Japanese

  1. Home
  2. News Release
  3. Open Letter
  4. REPARATION FOR SURVIVORS OF JAPAN'S MILITARY SEXUAL SLAVERY SYSTEM

REPARATION FOR SURVIVORS OF JAPAN'S MILITARY SEXUAL SLAVERY SYSTEM

4 Dec 2015
[Open Letter]
Region:
Topic: Women's Rights

Shinzo Abe
Prime Minister of Japan
2-3-1 Nagatchou Chiyoda-ku Tokyo-to
100-0014 Japan

30 November 2015

Dear Prime Minister Shinzo Abe, 

I am writing on behalf of Amnesty International to urge you to ensure that on-going negotiations between the governments of Japan and the Republic of Korea result in full and effective reparation for survivors of Japan’s Military Sexual Slavery System by the Japanese Imperial Army before and during World War II.

Amnesty International, a global movement that campaigns for a world where human rights are enjoyed by all, is deeply concerned that more than 70 years after the end of World War II, survivors of these horrific crimes continue to be denied justice by the government of Japan which refuses to accept full responsibility for the crimes.

Japan has an obligation under international law to provide full and effective reparation to the victims of these crimes, which constitute of war crimes and crimes against humanity. These issues have not been addressed in post-war treaties, the Asian Women’s Fund or through other mechanisms and statements delivered by the government.

The recent agreement between the Republic of Korea to accelerate talks to resolve disputes over Japan’s military sexual slavery system and to build a “future-oriented cooperative relationship” is an important opportunity to end the decades of injustice and suffering for survivors. Amnesty International hopes this process will also lead to Japan engaging with other states that seek reparation on behalf of their nationals.

To ensure full and effective reparation for survivors, we urge the government of Japan in these negotiations to:

  • adopt a victim centred approach that takes into account the views and needs of survivors;
  • accept full responsibility and apologize unreservedly to survivors of Japan’s military sexual slavery system in a way that is acceptable to the majority of the women, and which publicly acknowledges the crimes that these women have been subjected to and restores the dignity of the survivors.
  • seek to provide comprehensive reparation to all survivors;
  • offer, in addition to compensation, other forms of reparation identified by survivors including measures of restitution, rehabilitation, satisfaction and guarantees of non-repetition;
  • reject any measures which may undermine the rights of survivors, including their ability to seek reparation and access to justice before the courts;
  • work with the government of Korea to ensure that effective systems are put in place to implement reparation measures;

Amnesty International hopes your government will take these long-overdue measures to address the harm of suffered by survivors of sexual slavery and end decades of injustice.

Yours sincerely

Thomas Schultz-Jagow
For Salil Shetty, Secretary General

*********

Park Geun-hye
President of the Republic of Korea
1 Cheong Wa Dae Road, Jongno District
Seoul, Republic of Korea

30 November 2015

Dear President Park Geun-hye,

I am writing on behalf of Amnesty International to urge you to ensure that on-going negotiations between the governments of the Republic of Korea and Japan result in full and effective reparation for survivors of Japan’s Military Sexual Slavery System by the Japanese Imperial Army before and during World War II.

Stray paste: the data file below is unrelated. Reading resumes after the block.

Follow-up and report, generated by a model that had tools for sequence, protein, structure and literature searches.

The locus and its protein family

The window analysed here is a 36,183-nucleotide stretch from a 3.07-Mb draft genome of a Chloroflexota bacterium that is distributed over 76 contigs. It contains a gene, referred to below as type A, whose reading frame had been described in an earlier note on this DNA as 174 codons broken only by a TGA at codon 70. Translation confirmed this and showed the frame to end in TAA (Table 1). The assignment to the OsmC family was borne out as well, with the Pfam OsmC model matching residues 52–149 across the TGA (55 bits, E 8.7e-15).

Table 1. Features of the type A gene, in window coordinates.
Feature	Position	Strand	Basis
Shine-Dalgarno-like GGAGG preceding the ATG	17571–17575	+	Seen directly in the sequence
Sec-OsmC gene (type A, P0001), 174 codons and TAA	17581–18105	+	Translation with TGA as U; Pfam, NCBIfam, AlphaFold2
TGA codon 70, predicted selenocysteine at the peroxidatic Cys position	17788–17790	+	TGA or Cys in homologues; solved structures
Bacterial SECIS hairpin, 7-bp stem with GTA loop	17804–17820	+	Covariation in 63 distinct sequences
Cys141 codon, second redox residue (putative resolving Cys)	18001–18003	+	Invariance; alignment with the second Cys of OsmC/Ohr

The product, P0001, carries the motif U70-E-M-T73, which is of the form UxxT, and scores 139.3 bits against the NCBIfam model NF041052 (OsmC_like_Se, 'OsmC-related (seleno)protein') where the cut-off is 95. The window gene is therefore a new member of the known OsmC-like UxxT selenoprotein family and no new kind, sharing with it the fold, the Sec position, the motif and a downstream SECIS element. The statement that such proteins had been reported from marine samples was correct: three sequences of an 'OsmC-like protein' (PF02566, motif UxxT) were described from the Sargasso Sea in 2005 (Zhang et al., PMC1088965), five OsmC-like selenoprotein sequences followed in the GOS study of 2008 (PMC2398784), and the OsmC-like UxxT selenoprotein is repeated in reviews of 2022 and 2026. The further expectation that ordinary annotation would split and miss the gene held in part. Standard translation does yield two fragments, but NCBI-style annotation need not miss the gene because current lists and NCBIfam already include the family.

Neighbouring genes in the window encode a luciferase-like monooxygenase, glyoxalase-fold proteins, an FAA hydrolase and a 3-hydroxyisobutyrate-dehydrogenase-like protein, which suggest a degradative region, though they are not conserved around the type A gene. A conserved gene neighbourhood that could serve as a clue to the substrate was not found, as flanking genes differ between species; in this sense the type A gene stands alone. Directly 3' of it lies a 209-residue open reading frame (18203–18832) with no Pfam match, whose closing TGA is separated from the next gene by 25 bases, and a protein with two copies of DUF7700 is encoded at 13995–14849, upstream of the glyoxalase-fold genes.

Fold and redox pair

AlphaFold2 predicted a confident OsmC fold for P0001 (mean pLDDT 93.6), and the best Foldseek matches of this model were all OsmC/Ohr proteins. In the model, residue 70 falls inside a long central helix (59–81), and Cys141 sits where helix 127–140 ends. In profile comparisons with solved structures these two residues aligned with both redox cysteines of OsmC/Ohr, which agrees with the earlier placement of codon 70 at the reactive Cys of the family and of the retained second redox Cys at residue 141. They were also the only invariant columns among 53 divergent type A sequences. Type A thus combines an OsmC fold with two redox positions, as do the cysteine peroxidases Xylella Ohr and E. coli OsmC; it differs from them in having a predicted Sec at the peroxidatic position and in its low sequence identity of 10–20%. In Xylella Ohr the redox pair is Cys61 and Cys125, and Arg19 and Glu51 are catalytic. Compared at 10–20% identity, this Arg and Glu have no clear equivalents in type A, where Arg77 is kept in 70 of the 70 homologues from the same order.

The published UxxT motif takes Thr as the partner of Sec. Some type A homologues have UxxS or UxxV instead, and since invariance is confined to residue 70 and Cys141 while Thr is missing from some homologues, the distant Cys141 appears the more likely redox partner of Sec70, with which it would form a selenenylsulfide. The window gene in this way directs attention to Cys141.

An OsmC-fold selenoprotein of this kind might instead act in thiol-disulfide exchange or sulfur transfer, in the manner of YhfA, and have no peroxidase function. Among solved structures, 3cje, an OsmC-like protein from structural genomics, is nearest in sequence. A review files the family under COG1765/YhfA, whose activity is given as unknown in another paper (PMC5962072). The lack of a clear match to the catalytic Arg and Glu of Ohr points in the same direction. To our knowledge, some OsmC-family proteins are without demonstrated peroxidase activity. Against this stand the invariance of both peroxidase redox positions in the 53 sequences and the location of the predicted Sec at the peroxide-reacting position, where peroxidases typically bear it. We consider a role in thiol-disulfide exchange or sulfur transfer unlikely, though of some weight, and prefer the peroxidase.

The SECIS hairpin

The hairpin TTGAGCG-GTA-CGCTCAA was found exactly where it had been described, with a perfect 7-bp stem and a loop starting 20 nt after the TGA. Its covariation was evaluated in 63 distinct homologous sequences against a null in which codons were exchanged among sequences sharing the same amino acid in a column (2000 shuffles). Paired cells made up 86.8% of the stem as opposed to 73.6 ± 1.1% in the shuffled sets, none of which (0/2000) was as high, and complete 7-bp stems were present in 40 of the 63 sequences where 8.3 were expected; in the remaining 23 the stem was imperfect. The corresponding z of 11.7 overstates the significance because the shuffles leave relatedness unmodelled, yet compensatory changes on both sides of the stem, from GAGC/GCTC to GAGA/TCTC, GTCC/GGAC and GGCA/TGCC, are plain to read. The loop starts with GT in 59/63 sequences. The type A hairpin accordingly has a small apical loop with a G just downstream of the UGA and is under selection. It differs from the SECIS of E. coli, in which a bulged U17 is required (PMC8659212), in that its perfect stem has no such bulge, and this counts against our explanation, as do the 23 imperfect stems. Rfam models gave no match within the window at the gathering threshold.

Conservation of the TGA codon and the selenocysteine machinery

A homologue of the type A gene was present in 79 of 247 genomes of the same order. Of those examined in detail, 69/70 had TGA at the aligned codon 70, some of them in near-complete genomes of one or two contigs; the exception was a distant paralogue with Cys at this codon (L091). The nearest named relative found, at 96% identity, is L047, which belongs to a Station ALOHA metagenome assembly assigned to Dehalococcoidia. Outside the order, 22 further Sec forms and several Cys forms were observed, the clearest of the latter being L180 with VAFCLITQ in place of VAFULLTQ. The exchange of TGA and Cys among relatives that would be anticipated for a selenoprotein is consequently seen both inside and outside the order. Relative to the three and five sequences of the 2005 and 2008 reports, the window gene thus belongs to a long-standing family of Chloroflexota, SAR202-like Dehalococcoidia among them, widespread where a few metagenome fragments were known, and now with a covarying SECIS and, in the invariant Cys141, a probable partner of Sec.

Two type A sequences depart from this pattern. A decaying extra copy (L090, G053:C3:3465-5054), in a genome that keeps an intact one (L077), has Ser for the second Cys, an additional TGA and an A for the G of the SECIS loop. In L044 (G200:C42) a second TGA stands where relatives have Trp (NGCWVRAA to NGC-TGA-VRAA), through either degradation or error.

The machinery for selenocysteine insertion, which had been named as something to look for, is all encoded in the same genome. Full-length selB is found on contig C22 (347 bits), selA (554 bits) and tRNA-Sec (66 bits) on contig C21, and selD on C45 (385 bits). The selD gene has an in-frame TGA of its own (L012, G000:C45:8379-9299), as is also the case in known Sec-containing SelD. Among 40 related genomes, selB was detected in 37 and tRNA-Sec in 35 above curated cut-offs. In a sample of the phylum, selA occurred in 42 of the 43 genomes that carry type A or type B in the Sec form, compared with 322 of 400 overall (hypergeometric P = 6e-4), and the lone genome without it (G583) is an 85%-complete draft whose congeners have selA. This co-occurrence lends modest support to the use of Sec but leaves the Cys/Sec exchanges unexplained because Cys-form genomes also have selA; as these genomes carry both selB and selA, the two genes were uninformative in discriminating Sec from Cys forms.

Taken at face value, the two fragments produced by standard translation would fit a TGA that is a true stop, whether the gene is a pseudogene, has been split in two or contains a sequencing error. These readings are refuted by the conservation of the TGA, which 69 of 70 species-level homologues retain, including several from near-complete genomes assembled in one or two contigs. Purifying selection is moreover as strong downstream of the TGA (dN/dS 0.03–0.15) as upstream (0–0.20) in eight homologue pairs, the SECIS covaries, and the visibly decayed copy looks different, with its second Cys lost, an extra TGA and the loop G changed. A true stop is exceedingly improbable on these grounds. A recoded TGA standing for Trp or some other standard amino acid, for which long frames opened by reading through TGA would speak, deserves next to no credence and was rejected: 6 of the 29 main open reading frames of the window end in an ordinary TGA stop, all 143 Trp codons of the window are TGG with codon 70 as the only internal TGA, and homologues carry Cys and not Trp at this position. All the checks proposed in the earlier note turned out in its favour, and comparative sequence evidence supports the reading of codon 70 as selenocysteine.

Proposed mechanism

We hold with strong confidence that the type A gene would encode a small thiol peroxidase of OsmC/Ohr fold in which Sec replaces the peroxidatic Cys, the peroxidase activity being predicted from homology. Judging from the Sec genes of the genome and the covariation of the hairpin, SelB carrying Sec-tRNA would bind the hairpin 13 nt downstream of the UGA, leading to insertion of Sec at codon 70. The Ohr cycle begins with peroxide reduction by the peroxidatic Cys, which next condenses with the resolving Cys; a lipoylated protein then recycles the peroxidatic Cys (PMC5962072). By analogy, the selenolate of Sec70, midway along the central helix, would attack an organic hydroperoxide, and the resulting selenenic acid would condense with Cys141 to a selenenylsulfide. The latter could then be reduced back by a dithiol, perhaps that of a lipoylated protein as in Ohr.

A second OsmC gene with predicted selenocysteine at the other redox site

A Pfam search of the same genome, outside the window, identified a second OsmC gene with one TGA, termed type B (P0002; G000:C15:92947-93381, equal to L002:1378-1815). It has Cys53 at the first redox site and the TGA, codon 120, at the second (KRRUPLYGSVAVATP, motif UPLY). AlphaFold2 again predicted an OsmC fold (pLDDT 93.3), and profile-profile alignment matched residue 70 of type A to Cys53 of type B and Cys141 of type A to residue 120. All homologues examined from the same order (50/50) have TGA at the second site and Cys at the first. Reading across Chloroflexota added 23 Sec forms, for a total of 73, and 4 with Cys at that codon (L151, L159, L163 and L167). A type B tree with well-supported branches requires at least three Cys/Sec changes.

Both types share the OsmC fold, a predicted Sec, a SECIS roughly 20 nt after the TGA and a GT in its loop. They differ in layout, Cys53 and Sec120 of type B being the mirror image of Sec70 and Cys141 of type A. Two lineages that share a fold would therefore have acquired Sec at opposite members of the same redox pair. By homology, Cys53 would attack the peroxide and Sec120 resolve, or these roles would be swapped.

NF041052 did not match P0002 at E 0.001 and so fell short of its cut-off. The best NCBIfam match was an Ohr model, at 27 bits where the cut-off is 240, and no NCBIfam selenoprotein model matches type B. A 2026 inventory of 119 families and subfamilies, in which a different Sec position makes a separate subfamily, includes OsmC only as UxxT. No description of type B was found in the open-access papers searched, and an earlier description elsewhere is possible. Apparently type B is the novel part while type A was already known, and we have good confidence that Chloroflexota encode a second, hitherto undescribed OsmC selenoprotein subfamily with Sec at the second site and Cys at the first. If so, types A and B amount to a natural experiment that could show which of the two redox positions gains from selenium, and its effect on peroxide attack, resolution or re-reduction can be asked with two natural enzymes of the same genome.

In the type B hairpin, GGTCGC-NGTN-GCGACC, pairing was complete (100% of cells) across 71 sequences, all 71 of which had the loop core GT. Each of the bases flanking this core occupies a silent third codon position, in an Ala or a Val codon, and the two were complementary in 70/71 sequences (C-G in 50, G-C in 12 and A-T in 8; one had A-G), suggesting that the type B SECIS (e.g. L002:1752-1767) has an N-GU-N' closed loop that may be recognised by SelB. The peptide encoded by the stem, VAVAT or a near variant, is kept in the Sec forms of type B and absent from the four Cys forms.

Amnesty International, a global movement that campaigns for a world where human rights are enjoyed by all, is deeply concerned that more than 70 years after the end of World War II, survivors of these horrific crimes continue to be denied justice by the government of Japan which refuses to accept full responsibility for the crimes.

The recent agreement with Japan to accelerate talks to resolve disputes over Japan’s military sexual slavery system and to build a “future-oriented cooperative relationship” is an important opportunity to end these decades of injustice and suffering for survivors from the Republic of Korea. Amnesty International hopes this process will also inspire other states to seek reparation from Japan on behalf of their nationals. It is therefore vital that the negotiations achieve meaningful outcomes for survivors and do not repeat the failures and flawed efforts that have characterised Japan’s actions on this matter in recent decades.

In particular, Amnesty International urges your government during the negotiations to:

  • adopt a victim centred approach to the process involving regular consultations with all survivors to identify their needs and advocate effectively on their behalf during the negotiations;
  • seek not only compensation but other forms of reparation identified by survivors including measures of restitution, rehabilitation, satisfaction (including a full unreserved apology, establishing the truth, and other measures that acknowledge Japan’s responsibility) and guarantees of non-repetition;
  • ensure that all survivors are able to access reparation;
  • ensure that no measures are taken which undermine the rights of survivors, including their ability to seek reparation and access justice before the courts;
  • ensure that effective systems are put in place to implement reparation measures. Given the criticism by many survivors of the Asian Women’s Fund established by the Japanese government, reparation should be administered through appropriate mechanisms established by the government of the Republic of Korea.

Amnesty International hopes the Republic of Korea will take these important measures and negotiate with conviction to address the harm of suffered by survivors of sexual slavery and end decades of injustice.

Yours sincerely

Thomas Schultz-Jagow
For the Secretary General

See here also

前へ

次へ